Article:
The Pipeline: A conversation with Ty Nelson
At 5-foot-10, Ty Nelson may be considered small for a defenseman.
But that doesn’t mean he plays a small game. Far from it.
And Nelson, who models his game to the NHL blueliner Ryan Ellis of the Philadelphia Flyers, brings a lot of elements to the game to help ensure some success.
“I like to say I’m a two-way defenseman,” Nelson told Guy Flaming on The Pipeline Show. “I love to play in the offensive zone. I love to quarterback the power-play and then also I love playing the D-zone. Also being that shut-down defenseman when needed. I probably lead the league in blocked shots.”
Nelson, No. 35 in FCHockey’s Spring ranking for the 2022 NHL NHL Draft and slotted 25th among North American skaters on NHL Central Scouting’s midterm list, has a sturdy frame despite his stature, weighing in at 195 pounds. His offensive numbers were also impressive, posting 51 points (nine goals, 42 assists) in 66 games for North Bay Battalion in the Ontario Hockey League.
The 18-year-old Toronto, ON product attributes his offensive success from playing with skilled teammates throughout the season.
“My production has been great. I couldn’t be happier,” Nelson said. “I’m playing with amazing teammates that are unbelievably skilled and they’ve helped me out a ton. And especially just playing on the power play, just being with those top guys, it’s been able to help with my point production as well.”
Guy Flaming: For you, what do you consider to be the strength of your club?
Ty Nelson: I think just overall our whole team identity and the depth of our team as well. Our team identity is just, we call it the Battalion way, its hard-nosed hockey. You’re skating 110 percent on every play. You’re never giving up in the battle, and then the depth of our team, we have one of the best top lines in hockey. Our second, third, and fourth lines just follow up and contribute to the team. It’s been great for our team and our team’s success.
Guy Flaming: What were your expectations coming into this year?
Ty Nelson: Definitely just trying to do whatever it takes to get into the league, mold into the team, and then just play my game. My dad says it best…North Bay drafted me for a reason and that’s the way I play hockey and I’m going to continue to do that at this level because that’s why they drafted me. That was my expectation coming in. Obviously trying to help the team in whatever way I can. Help the team be successful, whether that’s contributing offensively or defensively and just trying to have a great season and get drafted as high as possible.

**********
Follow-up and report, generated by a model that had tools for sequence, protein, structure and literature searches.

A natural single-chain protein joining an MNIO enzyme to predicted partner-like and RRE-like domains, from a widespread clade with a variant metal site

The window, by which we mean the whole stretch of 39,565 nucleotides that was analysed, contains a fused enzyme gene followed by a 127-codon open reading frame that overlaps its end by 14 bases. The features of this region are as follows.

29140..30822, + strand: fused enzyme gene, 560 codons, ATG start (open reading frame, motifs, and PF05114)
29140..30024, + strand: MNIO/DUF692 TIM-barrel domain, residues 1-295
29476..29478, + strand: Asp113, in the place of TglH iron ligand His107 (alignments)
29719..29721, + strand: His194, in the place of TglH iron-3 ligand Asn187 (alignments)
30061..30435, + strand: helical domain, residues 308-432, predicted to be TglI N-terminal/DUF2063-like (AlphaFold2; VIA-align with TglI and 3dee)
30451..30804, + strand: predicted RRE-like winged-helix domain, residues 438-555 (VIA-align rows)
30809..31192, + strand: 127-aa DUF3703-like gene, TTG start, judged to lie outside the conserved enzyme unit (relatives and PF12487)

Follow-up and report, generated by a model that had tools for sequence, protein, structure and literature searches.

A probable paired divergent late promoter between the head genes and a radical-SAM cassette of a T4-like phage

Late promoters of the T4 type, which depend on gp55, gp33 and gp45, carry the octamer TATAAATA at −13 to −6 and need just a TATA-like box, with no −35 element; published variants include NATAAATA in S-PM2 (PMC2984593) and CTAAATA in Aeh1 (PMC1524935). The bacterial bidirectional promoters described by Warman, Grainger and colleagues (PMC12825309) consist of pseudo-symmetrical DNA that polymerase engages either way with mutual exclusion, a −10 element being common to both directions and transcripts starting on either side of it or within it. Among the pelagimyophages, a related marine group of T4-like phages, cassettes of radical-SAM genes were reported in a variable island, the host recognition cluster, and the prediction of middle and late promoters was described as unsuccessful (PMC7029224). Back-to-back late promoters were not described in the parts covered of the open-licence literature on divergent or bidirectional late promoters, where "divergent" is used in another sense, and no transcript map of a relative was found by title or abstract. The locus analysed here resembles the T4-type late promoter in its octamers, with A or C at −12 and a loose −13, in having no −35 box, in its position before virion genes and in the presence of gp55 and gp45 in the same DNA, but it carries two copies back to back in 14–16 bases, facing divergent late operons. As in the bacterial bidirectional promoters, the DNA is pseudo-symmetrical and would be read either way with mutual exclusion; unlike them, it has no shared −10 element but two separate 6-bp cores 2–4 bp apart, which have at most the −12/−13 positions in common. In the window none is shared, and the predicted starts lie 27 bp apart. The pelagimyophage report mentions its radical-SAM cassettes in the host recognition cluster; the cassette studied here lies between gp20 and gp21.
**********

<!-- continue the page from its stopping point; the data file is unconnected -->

Guy Flaming: Was there a period of acclamation to the league? For a 16-year-old it might take them a couple of months to get up to speed at the OHL level. For you as a 17-year-old, I wonder if it was similar or do you think you felt a little bit more comfortable earlier on because you might be a year older?
Ty Nelson: I think it was kind of the same coming in as a 16 and 17-year-old, because we were just as new as the 16-year-olds were, right. For me, I felt my adjustment period wasn’t very long. I think maybe three or four games just to get the speed and the type of plays that were going on. Obviously throughout this whole year you were making and trying to better your game in that way because it’s still a whole different thing than playing minor hockey. And I tried to take advantage of COVID to try to get bigger and faster and stronger and I think I did a pretty good job of that and that’s what I felt helped my transition into the OHL.
Guy Flaming: Have you always been a defenseman, Ty or did you ever play up front or even throw the pads on?
Ty Nelson: I did play forward when I was really young. Once we got into the select age, my coach recognized that I was a good backwards skater and he wanted to utilize me on defense and he put me back there and I just fell in love with the position ever since.
Guy Flaming: The sheet I’m looking at says 5-foot-10 and 195 pounds. Is that accurate, up to date?
Ty Nelson: Yeah, I’m 5-foot-10, about a buck ninety now.
Guy Flaming: The image I have in my head is a guy like Ryan Ellis, who’s an offensive guy and having a lot of success in the NHL and was a star at the Ontario Hockey League level. Not a tall guy, but not easy to push off the puck. I think you’re about 15 pounds heavier than he is, so you might not be the biggest guy out there but I’m sensing you’re winning a lot of puck battles because you’re not an easy guy to move around.
Ty Nelson: Yeah, actually it’s funny you say that. I like to say I model my game to Ryan Ellis.
Guy Flaming: How would you describe yourself as a player for those who haven’t seen you or maybe haven’t seen Ryan Ellis either?
Ty Nelson: I like to say I’m a two-way defenseman. I love to play in the offensive zone. I love to quarterback the power-play and then also I love playing the D-zone. Being that shut-down defenseman when needed. I probably lead the league in blocked shots.
Guy Flaming: On the power play, you’re not the guy pulling the trigger, you’re the one setting that guy up, correct?
Ty Nelson: Yeah, most of the time I’m the guy that’s setting them up, but I like to rip some through. Our forwards are great in front of the net and burying the rebounds.
Guy Flaming: All right Ty I have to ask you about the draft and whether it’s something you spend much time thinking about? What about for you?
Ty Nelson: I kind of say I’m like the other guys. I kinda put it in the back of my mind. Obviously it’s one of the biggest seasons of my life. Trying to get drafted into the NHL is probably one of the hardest things you can do. Probably the next hardest thing is making the NHL. It’s something I put in the back of my mind and I don’t really like to pay attention to it. You can’t stop from seeing it though. Other than that it’s just straight focus on today, what’s happening now and how I can get better.
This interview has been edited for content and clarity.